Browse By

Manic Monday Markup 4/8/13…

…And the World:

We begin today in the United Kingdom where word has come that former Prime Minister Margaret Thatcher has died at the age of 87.  The nation’s first (and only) female premier and its longest serving of the twentieth century transformed politics and the nation itself during a tenure that ran from 1979 to 1990.  In the end she was ousted not by electoral defeat, but by a leadership coup.  Thatcher had a profound impact across the world, from which tributes and remembrances are pouring in.

At the beginning of her tenure, Thatcher’s zeal to dismantle the welfare state, pare back unions, privatize state businesses and cut spending and taxes left her with dismal approval ratings.  However, after she decided to defend the Falkland Islands against an Argentine invasion, her popularity soared, and remains high on the Islands apparently.  Still her tenure would go on to be marked by an unbending nature that was memorialized in her “U-Turn” remark.  Conservatives, including the party leader and current PM David Cameron have showered praise on Thatcher, some calling her the greatest peacetime leader of the country.  Others, like Cameron’s rival, the Labour Party leader, Ed Miliband acknowledged her making history, political success and her passion, while acknowledging the stark ideological differences.  Indeed, it is not hard to find controversy in her record.  This split assures Thatcher’s legacy is not settled and will remain debated for decades to come.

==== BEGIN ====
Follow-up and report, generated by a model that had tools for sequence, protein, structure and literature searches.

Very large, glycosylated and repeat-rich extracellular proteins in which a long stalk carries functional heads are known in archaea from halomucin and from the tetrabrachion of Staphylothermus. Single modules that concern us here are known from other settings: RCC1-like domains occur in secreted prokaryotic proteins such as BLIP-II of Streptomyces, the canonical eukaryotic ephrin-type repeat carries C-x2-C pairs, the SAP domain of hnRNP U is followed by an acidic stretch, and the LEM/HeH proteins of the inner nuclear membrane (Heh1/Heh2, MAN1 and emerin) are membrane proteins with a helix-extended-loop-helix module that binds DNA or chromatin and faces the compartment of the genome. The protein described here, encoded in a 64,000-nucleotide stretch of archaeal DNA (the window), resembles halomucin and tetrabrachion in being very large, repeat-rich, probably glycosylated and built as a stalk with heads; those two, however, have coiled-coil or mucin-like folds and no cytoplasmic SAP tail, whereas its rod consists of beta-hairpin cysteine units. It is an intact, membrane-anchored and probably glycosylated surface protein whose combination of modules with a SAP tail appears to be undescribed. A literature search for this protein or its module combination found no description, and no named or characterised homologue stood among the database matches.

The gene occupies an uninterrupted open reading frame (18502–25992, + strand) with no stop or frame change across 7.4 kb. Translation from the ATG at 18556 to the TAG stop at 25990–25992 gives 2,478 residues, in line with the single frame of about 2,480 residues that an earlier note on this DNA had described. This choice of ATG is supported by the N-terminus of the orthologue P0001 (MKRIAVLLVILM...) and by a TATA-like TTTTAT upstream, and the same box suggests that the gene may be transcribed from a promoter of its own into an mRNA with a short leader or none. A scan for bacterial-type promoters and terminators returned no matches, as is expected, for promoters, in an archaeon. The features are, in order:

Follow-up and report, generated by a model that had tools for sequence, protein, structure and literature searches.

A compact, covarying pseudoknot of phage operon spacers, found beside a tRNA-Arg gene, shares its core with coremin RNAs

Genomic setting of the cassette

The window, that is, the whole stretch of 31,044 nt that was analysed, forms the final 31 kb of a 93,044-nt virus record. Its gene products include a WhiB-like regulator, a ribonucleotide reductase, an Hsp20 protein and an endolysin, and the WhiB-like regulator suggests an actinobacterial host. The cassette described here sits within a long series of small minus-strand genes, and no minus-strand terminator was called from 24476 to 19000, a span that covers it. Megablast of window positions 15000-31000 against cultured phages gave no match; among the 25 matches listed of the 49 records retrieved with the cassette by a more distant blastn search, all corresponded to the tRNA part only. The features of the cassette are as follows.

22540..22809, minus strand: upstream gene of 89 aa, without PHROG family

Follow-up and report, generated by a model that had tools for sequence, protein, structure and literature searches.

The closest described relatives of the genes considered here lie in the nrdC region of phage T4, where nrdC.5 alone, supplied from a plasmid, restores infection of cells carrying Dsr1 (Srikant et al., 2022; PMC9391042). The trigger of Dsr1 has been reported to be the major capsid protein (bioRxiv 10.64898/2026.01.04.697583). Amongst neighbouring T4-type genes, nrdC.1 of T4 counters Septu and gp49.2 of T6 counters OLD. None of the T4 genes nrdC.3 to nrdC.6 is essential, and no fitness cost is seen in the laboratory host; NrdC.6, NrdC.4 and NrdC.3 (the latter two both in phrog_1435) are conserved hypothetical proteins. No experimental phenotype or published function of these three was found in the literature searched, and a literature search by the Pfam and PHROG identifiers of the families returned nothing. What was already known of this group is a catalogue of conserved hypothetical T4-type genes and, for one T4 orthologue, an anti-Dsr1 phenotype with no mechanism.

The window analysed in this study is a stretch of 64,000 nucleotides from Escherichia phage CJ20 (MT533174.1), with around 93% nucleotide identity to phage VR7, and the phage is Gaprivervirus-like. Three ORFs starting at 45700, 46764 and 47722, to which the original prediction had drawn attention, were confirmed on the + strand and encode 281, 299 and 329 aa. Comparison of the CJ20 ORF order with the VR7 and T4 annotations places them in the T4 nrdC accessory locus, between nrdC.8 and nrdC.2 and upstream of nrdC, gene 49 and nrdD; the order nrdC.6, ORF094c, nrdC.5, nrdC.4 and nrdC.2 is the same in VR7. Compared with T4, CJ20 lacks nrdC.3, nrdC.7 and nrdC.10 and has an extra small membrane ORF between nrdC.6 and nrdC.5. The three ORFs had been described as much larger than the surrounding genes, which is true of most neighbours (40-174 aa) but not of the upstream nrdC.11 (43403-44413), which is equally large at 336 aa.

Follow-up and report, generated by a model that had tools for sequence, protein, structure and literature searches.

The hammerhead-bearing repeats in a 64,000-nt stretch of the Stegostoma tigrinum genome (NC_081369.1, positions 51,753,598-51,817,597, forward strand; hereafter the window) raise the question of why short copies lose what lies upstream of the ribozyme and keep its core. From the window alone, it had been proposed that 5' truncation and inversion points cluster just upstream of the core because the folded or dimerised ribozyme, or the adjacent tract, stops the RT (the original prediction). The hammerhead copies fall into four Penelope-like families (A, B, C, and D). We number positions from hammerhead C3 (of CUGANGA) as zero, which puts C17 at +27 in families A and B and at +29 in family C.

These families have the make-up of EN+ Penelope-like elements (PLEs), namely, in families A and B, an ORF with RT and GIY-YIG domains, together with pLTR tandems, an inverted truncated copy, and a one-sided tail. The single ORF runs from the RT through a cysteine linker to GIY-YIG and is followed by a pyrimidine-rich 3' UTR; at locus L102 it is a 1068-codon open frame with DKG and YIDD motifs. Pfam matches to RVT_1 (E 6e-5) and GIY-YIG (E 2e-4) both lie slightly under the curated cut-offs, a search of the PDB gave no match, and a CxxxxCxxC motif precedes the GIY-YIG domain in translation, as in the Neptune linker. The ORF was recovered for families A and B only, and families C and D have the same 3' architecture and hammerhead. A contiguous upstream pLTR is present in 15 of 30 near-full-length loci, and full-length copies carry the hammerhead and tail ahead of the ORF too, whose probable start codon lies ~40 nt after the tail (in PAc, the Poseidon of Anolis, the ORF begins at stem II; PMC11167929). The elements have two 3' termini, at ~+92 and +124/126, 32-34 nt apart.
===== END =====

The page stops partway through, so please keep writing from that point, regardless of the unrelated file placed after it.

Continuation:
As the world tries to ratchet back North Korea’s latest tantrum, the United States has changed tactics choosing instead “strategic patience” rather than actions that could escalate the situation.  That does not mean “counter provocation” planning is not underway.  Meanwhile, on the border itself, North Korea announced it would withdraw its workers from the jointly operated Kaesong industrial complex.  Workers and supplies from South Korea had been blocked from entering by the North since last week.

The Feds:

Gun Control is the spotlight once again amid fresh hopes for a deal, and growing opposition and support among Republicans to even having the debate on the Senate floor.  Senators Ted Cruz, Mike Lee and Rand Paul, all Republicans, promise to stop even consideration of a gun bill, something others like Senator John McCain oppose.  Meanwhile, President Obama will be south of the border in Connecticut to push for gun reforms after the Nutmeg State just passed its tough new post-Newtown gun legislation last week.  This is all set against the background, which The Washington Post‘s Greg Sargent lays out well, of Republican opposition to all reform, which includes a belief that the public doesn’t know background checks are not already universally required.  Meanwhile, out in Colorado, opponents of that state’s new gun laws are considering their options, including recalls.

In a related vein, Senate Majority Leader Harry Reid is making fresh noises about more filibuster reform, possibly mid-session.  Greg Sargent is skeptical, but Steve Benen, who seems to agree, says be on the alert for certain signs of seriousness.